American Legion Hall, Hellertown, Pennsylvania, United States
Before anything else, I sadly have to announce that this is the last Chikara show in the American Legion Hall sometimes affectionately known as the Hellertown Starlanes. It’s been their primary venue since their expansion in 2005 but now they’re beginning to outgrow it, as they’ll soon transition to a larger, somewhat similar building in Easton when they’re not touring around the world. With its unique layout, good lighting, and intimate atmosphere, this place in Hellertown was perfectly suited to Chikara shows and I think of it as among the best indie wrestling venues ever, right up there with Korakuen, the Rex Plex, the Markthalle, Fete Music, and the recently-demolished Reseda Legion Hall. Real sad to see it go but I’m glad it went out on one of the best matches in Chikara history.
Da Soul Touchaz open up the show with a promo in the back. C-Red says they don’t fare so well in Young Lions Cup but they’ve got one match left this weekend and they’re finna touch some souls and do what they do best.
Da Soul Touchaz (Willie Richardson, Acid Jaz, & Marshe Rockett) vs The Fabulous Three (Larry Sweeney, Mitch Ryder, & Shayne Hawke)
Big silly opener that makes the best use of these characters. The rudos cry foul at every little thing, the Soul Touchaz milk the crowd for what they’re worth, and eventually the Three are able to control the pace of the match by way of all sorts of dirty tricks. Everybody’s constantly running their mouth much to the delight of the Hellertown faithful. The shtick wears a little thin toward the end but they do well to go for the finish soon thereafter. Jaz, nicknamed “Hot Chocolate”, carries a box of Swiss Miss to the ring with him and often uses the powder in his matches. Mitch sees it coming and ducks out of the way when Jaz runs over, meaning that Hawke is treated to a faceful of the stuff instead. The veteran attends to his young partner, leaving Sweeney alone in the ring with three opponents, and unsurprisingly he soon falls victim to Willie’s signature top rope legdrop.
Hawke immediately begins pointing to Sweeney, looking to avoid taking the blame for another Fabulous Three loss. Exhausted in more ways than one, Mitch grabs a mic and asks what Sweeney’s problem is. Sweeney cites being legdropped by a 500 pound gorilla as probable cause for the loss and Mitch murmurs that it’s always something with him. Legdrop this week, body slam last week, small package the week before. Him and Hawke just earned themselves a shot at the tag titles but the only time they’re coming up on the short end of the stick is when they’re teaming with Sweeney. Mitch confesses that he’s not the sharpest knife in the drawer but deductive reasoning has proven one thing and it’s that Larry Sweeney is a loser.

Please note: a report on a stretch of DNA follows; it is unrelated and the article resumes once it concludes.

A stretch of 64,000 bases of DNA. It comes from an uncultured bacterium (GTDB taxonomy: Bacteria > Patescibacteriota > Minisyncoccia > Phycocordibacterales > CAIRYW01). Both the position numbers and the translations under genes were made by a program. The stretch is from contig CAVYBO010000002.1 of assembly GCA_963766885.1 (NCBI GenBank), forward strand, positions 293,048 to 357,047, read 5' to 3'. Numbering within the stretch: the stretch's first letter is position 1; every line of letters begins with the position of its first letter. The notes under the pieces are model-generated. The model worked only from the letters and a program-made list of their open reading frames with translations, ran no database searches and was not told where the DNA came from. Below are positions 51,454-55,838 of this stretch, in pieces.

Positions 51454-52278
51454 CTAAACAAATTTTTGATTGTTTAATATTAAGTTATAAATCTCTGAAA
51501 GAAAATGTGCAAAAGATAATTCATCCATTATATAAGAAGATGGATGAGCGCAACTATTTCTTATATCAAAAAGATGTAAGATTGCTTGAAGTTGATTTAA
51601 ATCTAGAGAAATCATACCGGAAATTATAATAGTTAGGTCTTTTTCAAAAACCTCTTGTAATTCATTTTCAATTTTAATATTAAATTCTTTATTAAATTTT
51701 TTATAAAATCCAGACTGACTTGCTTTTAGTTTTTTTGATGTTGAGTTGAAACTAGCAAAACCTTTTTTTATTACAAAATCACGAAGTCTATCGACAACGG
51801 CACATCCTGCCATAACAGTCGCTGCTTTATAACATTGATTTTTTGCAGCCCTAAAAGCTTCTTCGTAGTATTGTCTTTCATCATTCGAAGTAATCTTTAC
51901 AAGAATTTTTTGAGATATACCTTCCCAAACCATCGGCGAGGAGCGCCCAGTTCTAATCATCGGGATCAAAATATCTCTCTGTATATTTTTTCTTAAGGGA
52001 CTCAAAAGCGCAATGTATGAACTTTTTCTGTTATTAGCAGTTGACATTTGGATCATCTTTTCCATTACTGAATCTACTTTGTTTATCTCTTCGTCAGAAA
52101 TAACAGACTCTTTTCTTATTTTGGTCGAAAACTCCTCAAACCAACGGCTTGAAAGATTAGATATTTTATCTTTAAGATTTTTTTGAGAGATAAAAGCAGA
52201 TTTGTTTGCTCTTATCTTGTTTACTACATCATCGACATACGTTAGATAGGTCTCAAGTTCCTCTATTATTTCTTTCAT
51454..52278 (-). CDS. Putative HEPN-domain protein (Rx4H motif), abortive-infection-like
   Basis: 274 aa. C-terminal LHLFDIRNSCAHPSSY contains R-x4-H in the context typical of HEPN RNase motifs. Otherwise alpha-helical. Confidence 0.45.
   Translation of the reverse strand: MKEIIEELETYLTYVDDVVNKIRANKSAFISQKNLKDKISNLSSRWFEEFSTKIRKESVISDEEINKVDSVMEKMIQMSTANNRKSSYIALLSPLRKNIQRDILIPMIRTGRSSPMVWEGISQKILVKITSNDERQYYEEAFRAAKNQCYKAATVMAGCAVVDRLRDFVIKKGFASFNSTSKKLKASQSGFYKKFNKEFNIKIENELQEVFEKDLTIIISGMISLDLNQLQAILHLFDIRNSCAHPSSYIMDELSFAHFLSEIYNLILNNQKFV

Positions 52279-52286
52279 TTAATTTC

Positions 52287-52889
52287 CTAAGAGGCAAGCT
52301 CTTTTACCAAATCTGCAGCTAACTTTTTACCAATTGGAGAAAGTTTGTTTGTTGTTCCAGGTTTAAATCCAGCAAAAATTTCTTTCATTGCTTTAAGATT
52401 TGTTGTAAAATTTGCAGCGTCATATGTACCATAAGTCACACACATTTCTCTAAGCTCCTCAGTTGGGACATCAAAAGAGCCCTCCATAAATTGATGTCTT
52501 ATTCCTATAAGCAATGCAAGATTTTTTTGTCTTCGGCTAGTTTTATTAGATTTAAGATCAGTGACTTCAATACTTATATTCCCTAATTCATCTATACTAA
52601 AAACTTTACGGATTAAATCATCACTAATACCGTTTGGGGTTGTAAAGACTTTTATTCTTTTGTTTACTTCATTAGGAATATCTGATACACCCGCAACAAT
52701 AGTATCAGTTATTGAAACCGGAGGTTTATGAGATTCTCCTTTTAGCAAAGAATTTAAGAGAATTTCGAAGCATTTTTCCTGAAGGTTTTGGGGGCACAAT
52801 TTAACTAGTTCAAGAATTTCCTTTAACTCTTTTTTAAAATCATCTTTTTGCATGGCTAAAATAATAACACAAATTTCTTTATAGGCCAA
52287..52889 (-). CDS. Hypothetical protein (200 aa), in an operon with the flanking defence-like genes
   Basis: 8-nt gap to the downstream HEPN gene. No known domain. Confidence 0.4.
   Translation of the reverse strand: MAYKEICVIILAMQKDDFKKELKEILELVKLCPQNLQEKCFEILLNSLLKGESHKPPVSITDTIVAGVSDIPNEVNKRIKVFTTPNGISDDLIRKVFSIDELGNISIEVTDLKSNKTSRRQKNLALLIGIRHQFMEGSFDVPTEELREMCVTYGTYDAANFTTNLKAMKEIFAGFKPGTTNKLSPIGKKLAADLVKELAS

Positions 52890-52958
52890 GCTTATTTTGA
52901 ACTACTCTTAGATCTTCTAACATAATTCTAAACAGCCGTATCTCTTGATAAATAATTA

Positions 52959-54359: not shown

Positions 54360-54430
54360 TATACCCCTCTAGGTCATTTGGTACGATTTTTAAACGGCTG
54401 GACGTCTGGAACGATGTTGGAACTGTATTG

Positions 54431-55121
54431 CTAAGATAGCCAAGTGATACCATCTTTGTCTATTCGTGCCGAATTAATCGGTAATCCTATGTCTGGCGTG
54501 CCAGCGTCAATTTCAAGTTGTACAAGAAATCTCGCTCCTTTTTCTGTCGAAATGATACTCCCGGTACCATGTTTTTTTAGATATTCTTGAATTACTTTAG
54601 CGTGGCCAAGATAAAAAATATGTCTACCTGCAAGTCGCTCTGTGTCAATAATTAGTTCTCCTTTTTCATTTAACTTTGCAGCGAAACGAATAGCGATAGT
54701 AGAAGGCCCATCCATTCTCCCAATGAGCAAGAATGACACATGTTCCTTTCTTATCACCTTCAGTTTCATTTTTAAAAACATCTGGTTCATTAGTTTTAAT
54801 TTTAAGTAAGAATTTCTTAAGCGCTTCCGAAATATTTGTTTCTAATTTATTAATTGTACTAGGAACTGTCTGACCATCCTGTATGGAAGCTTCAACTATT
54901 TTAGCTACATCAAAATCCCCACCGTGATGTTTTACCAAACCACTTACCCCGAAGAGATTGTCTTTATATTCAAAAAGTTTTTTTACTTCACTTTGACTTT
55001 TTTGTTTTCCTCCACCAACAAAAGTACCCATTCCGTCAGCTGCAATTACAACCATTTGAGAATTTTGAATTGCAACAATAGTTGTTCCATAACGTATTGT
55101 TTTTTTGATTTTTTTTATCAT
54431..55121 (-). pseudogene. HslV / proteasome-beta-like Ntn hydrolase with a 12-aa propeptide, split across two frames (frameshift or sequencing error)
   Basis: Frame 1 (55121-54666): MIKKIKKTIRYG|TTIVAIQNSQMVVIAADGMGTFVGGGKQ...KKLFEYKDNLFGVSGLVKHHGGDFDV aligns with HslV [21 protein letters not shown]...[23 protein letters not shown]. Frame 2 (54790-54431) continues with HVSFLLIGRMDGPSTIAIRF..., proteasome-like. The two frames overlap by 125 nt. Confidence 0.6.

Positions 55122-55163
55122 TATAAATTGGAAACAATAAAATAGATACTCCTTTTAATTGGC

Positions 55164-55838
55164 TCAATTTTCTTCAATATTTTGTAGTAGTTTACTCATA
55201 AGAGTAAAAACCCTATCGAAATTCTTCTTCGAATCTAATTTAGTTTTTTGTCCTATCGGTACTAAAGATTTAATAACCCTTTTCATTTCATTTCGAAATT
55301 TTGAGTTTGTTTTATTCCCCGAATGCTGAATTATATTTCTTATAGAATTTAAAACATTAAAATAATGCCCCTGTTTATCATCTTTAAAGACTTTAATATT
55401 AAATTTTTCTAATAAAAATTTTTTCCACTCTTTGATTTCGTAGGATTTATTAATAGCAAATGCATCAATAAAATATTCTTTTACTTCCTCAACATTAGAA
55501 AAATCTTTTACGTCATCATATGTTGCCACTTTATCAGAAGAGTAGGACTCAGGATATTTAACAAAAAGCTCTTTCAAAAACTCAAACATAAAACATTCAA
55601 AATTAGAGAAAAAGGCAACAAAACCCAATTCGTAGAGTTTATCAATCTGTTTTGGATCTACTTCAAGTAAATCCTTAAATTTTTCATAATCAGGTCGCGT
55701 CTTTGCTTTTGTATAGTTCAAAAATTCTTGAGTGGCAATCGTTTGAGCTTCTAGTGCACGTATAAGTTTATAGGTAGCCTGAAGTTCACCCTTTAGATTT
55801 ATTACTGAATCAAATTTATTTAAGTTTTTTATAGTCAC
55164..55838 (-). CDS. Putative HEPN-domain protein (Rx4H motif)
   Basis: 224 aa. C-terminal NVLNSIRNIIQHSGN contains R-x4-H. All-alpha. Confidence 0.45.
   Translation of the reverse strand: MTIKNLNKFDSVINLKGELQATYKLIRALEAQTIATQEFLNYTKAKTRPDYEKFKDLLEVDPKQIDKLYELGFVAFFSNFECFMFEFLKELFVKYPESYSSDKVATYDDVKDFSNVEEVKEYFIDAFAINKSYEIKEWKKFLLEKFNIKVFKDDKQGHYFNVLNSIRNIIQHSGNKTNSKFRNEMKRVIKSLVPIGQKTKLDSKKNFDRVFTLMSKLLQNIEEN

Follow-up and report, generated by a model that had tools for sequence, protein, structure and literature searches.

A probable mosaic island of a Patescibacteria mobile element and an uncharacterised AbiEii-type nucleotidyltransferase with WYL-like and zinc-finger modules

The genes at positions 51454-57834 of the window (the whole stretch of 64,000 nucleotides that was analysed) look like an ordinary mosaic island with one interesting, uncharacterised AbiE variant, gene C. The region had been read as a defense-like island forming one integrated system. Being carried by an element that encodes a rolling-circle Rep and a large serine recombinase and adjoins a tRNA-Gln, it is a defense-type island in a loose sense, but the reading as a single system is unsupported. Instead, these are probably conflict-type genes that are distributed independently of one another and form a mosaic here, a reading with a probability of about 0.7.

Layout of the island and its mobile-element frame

Sweeney again gets a big babyface reaction but it’s clear that things aren’t over between the former Fabulous Three.
Jimmy Olsen vs Lince Dorado
Lovely little sprint here. Lince tries to apply his highflying skills to get ahead but Jimmy’s got an answer for everything on top of some heavy hands. Eventually the masked man’s able to make a break but he can’t control the match the way Jimmy is able to, resulting in a back-and-forth affair. Looks like Lince’s got it made when he’s able to transition from a standing Spanish fly into an Anaconda Vise but Jimmy chucks referee Bryce Remsburg out of the way, yanks off Lince’s mask, and cradles him in as he covers his face instinctively to steal the victory.
Bryce finds the mask afterward but Jimmy hightails it out of there before he can do anything about it, clearly torn about his actions.
Continuing the bad vibes, Mike Quackenbush heads to the ring to explain what went down yesterday between him and Shane Storm:
So, long story short, Quack found out that Storm had sold out the tecnicos and their reversal to the Chikara Special and couldn’t stop himself from seeking revenge. One way or another, whether it’s in the ring or at his house, Quack’s gonna get an explanation.
F.I.S.T. (Icarus, Gran Akuma, & Chuck Taylor) vs Ultimo Breakfast, Steve “the Turtle” Weiner, & Sami Callihan